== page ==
Give me an N. Give me a Y. (for a the highest bid)
Assign to Google Classroom
Some very big, familiar pieces of New York City sports history are going on the auction block, courtesy of a baseball star.
The 10-foot high letters spelled "Yankee Stadium" and were atop the original Bronx ballpark. Now they are being offered for sale at Sotheby's on April 1. The auction house has estimated that the letters will sell for $300,000 to $600,000.
The owner is Yankee legend Reggie Jackson.
Jackson's nickname is Mr. October because of his performances during World Series games in that month. Jackson bought the letters after the Yankees' last game at the stadium in 2008. They had adorned the ballpark, which was built in 1923, since 1976. So they were there when Jackson hit three consecutive home runs in the sixth game of the 1977 World Series.
The 68-year-old Hall of Famer currently is at spring training with the Yankees in Tampa, Florida, where he said through Sotheby's that he wanted "a new generation to own and enjoy this icon of the Yankees and of New York City."
"There were a few items I wanted to purchase before the old Yankee Stadium was torn down," he said. Those included his locker and a section of the bleachers where blacks were once forced to sit. "But I kept thinking about the stadium lettering, and if there was any way for me to own it. I ended up making an offer and was thrilled when it was accepted. It's been a privilege to own such a recognizable piece of baseball history."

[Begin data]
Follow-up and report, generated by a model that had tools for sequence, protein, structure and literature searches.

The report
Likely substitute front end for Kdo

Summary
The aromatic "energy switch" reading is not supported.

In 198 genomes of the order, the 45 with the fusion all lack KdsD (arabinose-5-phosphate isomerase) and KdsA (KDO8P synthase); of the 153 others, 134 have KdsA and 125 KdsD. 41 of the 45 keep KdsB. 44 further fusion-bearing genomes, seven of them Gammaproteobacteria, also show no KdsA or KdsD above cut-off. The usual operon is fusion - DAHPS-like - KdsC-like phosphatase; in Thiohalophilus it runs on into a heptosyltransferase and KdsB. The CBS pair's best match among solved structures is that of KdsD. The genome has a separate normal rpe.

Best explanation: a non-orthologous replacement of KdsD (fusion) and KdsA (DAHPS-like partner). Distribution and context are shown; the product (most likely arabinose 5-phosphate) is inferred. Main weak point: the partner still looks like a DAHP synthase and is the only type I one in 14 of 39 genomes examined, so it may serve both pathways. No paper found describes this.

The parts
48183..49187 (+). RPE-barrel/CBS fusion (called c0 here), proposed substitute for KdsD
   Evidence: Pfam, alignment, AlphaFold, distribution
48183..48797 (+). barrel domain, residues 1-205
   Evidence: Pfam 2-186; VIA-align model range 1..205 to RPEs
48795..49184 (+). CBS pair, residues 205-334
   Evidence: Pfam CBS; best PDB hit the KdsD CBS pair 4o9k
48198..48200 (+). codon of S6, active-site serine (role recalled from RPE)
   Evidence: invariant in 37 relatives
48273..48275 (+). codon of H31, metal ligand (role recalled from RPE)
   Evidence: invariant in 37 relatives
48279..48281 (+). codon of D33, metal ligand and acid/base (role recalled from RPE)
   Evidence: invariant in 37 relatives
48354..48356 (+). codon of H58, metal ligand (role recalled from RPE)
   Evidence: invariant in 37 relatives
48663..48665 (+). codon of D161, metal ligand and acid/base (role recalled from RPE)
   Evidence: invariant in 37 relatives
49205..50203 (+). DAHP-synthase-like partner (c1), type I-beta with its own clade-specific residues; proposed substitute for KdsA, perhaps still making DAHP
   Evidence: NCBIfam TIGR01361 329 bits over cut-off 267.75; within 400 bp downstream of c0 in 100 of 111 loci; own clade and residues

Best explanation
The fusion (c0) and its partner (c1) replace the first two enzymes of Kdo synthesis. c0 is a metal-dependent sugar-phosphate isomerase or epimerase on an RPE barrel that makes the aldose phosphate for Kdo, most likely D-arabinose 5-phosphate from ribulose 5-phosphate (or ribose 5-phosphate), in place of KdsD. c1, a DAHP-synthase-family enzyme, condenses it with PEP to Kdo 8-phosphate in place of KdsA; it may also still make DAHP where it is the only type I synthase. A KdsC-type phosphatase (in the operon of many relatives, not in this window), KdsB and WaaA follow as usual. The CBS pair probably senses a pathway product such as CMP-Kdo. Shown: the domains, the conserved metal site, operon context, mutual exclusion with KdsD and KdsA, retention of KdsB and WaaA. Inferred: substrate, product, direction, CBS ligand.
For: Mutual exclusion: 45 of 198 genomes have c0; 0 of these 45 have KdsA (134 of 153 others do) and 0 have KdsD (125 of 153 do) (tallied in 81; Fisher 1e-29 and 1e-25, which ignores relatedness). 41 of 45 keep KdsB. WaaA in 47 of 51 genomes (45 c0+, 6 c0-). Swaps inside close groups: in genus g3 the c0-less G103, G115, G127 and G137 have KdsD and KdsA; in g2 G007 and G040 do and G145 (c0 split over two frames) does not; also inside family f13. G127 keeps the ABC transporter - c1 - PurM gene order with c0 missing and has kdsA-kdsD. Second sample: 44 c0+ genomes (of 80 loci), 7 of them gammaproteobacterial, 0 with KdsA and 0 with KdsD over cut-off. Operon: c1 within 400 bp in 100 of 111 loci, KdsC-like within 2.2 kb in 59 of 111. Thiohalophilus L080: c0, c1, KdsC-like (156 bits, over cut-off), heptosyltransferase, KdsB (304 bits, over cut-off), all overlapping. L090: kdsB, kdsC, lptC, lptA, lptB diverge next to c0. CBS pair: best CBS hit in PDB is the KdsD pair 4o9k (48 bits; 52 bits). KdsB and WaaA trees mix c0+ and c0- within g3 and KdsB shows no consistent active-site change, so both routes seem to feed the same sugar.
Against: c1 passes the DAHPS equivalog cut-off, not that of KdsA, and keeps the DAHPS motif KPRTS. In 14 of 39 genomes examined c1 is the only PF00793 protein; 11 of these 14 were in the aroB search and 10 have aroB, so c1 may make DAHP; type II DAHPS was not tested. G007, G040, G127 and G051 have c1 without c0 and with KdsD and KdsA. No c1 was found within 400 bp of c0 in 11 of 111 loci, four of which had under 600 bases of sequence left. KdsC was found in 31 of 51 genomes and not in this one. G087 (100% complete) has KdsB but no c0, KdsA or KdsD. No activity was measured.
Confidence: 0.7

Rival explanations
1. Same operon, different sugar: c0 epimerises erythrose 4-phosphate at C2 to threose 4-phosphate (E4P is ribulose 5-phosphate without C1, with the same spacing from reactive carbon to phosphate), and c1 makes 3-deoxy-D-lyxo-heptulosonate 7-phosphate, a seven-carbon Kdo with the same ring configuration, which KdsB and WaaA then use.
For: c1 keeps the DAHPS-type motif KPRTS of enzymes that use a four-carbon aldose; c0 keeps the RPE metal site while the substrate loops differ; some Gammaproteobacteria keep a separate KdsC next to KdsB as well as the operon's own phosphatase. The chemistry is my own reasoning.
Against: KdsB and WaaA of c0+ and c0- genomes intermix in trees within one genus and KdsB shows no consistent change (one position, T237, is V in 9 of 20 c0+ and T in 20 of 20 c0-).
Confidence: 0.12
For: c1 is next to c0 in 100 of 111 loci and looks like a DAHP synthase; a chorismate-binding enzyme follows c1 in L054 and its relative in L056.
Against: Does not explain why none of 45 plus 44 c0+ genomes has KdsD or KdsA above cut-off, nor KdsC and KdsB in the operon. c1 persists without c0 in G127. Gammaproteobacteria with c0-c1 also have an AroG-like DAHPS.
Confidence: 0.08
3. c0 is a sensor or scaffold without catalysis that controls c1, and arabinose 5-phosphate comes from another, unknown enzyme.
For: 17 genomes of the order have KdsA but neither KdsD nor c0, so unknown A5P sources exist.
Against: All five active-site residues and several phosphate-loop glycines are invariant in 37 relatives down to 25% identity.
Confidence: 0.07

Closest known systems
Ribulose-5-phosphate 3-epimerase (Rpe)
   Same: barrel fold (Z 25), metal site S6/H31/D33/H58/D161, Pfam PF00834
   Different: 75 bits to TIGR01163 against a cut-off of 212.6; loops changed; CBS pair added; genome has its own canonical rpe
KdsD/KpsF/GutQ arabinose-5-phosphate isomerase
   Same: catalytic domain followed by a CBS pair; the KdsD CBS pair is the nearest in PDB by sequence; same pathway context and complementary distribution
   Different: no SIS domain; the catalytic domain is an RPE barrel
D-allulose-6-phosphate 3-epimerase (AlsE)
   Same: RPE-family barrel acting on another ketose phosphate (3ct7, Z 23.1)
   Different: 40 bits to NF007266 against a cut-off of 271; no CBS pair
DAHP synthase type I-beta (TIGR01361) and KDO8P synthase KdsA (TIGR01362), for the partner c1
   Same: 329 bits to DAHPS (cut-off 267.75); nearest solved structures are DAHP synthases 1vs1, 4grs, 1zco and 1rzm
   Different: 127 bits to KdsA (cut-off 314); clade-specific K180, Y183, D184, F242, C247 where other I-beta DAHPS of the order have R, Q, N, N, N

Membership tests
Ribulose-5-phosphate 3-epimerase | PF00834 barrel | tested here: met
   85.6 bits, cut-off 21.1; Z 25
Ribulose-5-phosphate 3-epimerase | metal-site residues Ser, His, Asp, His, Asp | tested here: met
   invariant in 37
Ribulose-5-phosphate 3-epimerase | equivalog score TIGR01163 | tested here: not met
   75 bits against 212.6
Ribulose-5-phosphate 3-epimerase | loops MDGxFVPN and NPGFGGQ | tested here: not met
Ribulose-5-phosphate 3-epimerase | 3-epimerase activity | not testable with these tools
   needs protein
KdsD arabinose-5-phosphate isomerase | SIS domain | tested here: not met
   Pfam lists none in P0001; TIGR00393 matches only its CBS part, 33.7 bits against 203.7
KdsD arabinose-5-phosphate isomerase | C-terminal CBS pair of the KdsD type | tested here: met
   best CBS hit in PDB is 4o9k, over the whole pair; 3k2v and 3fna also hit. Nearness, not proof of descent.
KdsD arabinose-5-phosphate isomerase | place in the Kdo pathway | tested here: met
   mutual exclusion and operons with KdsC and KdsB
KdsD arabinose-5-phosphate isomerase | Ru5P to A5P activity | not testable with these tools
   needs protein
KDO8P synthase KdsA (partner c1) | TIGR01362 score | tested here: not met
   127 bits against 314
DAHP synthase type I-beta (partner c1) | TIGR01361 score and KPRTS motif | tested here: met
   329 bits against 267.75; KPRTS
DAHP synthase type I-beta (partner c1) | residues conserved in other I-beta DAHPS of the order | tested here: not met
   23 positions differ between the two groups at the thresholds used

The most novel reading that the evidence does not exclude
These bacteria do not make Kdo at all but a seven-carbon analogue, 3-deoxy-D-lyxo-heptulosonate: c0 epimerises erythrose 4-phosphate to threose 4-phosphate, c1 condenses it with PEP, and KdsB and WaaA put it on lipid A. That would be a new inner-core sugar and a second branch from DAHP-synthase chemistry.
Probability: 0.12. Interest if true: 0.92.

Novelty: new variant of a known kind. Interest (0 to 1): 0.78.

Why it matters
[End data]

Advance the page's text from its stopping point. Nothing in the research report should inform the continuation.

Sotheby's would not say how much Jackson paid for the letters.
Potential buyers will have to think about where to put the monumental letters, which range from 2 to 10 feet in width and light up electric blue. They are constructed of aluminum casing with Plexiglas inserts.
The "N'' and "Y'' will be displayed on the seventh floor of Sotheby's Manhattan galleries beginning March 26.
They will be part of Sotheby's "New York Sale" auction, and will include photos, prints, jewelry and other city-related material.
Critical thinking challenge: Why might Sotheby's be reluctant to say how much Jackson paid for the letters?